Thursday, January 26, 2012

When All Else Fails, Write Your Essay in Your Native Language?

Like most other high school English teachers across the city, I spent yesterday scoring the English Regents exam. Specifically, I ended up grading many of the exams of our IEP and ELL students, who receive testing accommodations like extra time, having the test read aloud to them, and having a scribe record their answers for them.

Some of the results were pretty good. I had seen some of the students at Saturday school. For some of them, it was the third or fourth time they were taking the exam, and they were determined to get it over and done with.

I'm always amazed, incidentally, by how boring the reading passages on the Regents exam are. I suppose the Board of Regents has to avoid offending thousands of people on these exams, but still, there is so much great and compelling writing in the world that kids might actually find themselves engaged with reading. Imagine a Regents exam that had, for example, an excerpt from Tim O'Brien's The Things They Carried paired with one of the Great War poets like Owen or Sassoon. Or one of Jane Austen's most sarcastic commentaries on female behavior paired with a feminist poet like Audre Lorde or Adrienne Rich. Just in case I'm still not supposed to talk about what was on this year's exam, I'll refrain from being more specific, but let's just say that I found the reading passages uniformly dull and unengaging (at least through the eyes of, say, a sixteen-year-old young man from Brooklyn), with the possible exception of the nonfiction piece.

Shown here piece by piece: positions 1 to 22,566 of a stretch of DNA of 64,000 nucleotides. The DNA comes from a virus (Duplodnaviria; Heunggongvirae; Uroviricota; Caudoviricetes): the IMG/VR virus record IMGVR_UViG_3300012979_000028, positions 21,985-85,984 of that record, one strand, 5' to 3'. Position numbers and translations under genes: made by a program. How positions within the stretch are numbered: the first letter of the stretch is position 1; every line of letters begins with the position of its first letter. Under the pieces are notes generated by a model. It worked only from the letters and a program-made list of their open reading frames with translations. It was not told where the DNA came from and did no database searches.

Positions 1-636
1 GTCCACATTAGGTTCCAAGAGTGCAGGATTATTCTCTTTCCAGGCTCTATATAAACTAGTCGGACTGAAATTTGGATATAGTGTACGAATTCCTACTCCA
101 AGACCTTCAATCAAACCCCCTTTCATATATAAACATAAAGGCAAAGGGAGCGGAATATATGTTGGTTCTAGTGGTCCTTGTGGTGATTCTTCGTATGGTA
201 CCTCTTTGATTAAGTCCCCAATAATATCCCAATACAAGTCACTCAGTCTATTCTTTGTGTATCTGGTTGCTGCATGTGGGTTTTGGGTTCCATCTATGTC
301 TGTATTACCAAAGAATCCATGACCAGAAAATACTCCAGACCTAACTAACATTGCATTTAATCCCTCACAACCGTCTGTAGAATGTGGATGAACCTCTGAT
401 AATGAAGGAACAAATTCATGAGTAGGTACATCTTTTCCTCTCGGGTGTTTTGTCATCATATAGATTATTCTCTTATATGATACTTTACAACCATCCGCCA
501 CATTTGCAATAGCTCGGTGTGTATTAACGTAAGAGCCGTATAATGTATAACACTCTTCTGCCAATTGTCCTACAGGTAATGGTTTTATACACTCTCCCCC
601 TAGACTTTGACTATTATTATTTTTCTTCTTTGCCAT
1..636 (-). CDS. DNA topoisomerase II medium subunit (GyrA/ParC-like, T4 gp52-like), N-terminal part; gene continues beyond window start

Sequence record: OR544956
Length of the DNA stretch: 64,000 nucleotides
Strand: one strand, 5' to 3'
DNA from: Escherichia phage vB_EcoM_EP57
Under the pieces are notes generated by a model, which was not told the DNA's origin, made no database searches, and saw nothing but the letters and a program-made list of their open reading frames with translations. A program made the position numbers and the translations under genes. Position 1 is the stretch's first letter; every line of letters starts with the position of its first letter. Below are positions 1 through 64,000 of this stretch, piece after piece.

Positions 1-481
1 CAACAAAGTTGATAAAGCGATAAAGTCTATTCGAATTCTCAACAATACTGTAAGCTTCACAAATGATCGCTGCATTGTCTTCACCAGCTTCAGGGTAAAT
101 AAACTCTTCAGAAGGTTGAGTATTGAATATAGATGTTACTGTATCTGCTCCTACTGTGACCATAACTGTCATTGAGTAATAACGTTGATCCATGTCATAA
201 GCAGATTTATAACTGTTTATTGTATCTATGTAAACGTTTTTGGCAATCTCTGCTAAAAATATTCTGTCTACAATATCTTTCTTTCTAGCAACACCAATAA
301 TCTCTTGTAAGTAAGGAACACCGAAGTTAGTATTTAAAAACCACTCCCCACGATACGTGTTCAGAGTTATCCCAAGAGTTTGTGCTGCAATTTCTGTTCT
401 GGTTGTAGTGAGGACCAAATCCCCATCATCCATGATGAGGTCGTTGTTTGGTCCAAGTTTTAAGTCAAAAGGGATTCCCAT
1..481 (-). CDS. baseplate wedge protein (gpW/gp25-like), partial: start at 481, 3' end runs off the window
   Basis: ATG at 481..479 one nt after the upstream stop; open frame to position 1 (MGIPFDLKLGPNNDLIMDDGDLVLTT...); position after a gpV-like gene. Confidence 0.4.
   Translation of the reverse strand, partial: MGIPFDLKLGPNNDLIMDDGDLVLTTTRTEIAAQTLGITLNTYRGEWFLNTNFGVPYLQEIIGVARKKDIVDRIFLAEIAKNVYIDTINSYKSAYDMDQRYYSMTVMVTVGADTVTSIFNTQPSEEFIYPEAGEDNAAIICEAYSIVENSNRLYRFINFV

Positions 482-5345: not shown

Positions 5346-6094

BUT ANYWAY. The point I really wanted to make is that, while grading these exams, I came to a critical lens essay written entirely in a student's native language. I stopped dead in my tracks and consulted with the IEP teacher about whether or not this student had an accommodation. No, I learned, the English Regents must be written entirely in English. Other exams have accommodations for translation, but not the English Regents.

Which makes sense, on one hand, I suppose. But on the other, this student was clearly not ready for the challenge of writing an entire essay in English. It was someone's decision in Albany, someone who has never met this child or knows anything about what it's like to be forced to sit for 4.5 hours (with extended time) and take an essay in a language one understands well enough to slog through a fairly insulated and well-supported school day, but not enough to write a whole essay with absolutely no assistance.

I believe in high standards. I really do. But I don't believe in crazy ones.
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